When we got to highway 7, we turned right and headed towards Lyons. The original plan had been to go left and go to Estes, but as the clouds appeared dark in that direction, the choice was made to drop elevation and get out of the snow. We had all been there before, it's not like we were going someplace new and fascinating. And to be honest, a pint at Oskar Blues Brewery in Lyons sounded fascinating to me.
|Me, Dennis, and Ian in Lyons at the Oskar Blues Brewery.|
We pulled up and parked and had the only bikes that were not cruisers. There were easily 20 of them lined up, and the brewery was filled with men and women in jeans and leathers, enjoying the day. I hoped they weren't heading to where we had come from--they wouldn't have liked it.
When we left Lyons, Josh was leading and we rode out to Boulder and down 93 to Golden. (Does this sound familiar?? I swear I wind up on that road more often than not!) Josh and I talked about ideas for lunch, and then I went back to music and he and Ian talked about lunch. Eventually Josh came back to me and we realized poor Dennis was really just along for the ride. The three of us could all chat and Dennis was just hanging out with no idea where we were headed. To be honest, although we occasionally discuss wildlife or future trips, we mostly just listened to music.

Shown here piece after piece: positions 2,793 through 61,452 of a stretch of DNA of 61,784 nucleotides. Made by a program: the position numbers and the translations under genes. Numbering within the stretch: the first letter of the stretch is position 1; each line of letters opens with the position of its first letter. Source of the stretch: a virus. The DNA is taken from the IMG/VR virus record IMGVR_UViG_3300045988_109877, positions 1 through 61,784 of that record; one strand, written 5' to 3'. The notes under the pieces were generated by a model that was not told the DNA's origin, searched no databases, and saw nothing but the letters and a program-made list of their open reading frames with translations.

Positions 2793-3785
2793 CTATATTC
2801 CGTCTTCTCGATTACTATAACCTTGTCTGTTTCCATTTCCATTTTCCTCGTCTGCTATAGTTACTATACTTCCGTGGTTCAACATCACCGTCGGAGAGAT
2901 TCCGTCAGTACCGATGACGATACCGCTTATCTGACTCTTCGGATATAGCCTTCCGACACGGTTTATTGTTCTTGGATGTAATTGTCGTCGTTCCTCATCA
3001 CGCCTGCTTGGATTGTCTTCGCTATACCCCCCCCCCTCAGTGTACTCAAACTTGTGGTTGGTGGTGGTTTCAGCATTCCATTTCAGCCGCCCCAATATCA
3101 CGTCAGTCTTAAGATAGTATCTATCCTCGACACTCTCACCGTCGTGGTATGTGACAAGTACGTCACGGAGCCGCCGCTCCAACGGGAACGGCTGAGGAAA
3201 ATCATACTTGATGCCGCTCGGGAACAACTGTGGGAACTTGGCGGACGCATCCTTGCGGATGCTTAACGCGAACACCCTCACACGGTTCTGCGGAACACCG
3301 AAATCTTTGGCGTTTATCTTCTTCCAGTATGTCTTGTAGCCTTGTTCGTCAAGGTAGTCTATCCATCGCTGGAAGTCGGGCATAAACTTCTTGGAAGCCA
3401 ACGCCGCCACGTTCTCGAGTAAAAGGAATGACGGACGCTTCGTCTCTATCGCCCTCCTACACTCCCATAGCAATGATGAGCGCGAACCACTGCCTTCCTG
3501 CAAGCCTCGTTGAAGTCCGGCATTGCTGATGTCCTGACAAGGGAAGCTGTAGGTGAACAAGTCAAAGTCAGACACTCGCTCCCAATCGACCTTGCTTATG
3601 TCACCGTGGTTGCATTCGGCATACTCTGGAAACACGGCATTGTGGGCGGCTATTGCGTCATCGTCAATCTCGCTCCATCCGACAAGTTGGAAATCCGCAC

The ride to Boulder was windy. Heading through town on Broadway, we were able to see the way college students were celebrating St. Patrick's Day. Inebriated young men and women in skimpy bright green clothing, skipping down the street. They looked like they were having a great time, but I'm pretty sure Monday was going to hurt.
We made our way down 93 to Golden, picking up a Gold Wing at the back of our pack. It was windy. It was actually windier than I had ever experienced on that road. Everything was fine until a place in the highway when the passing lane on our side was ending. A woman driving a convertible Jaguar came flying up on our left so fast, not one of us ever saw her coming. She managed to get behind Josh (who was leading) and wedge herself next to Ian and in front of Dennis and me. When she realized she was going to run people off the road--I can only assume that's what was going through her head--she moved into the center of the undivided highway, and sped around a car in front of us. She was driving like an asshole, and we were all relieved when she turned off the highway and we could continue in windy peace.
We cruised into Golden and stopped at Woody's for lunch. Ian, Dennis, and I had a Killian's Stout in honor of St. Patrick's Day--and the first ride of the year--and Josh had herbal tea. Don't judge. Well, go ahead. We did. After some riding in circles around town, Ian headed out his own way and Dennis, Josh and I came back into town via 32nd Ave.
|Killian's Stout--on tap for St. Patrick's Day--brewed at our own Coors Brewery.|
I had planned a 200 mile ride. We only put about 125 miles on that day, but it was great to get out and RIDE! Now I just have to figure out where I'm going next weekend....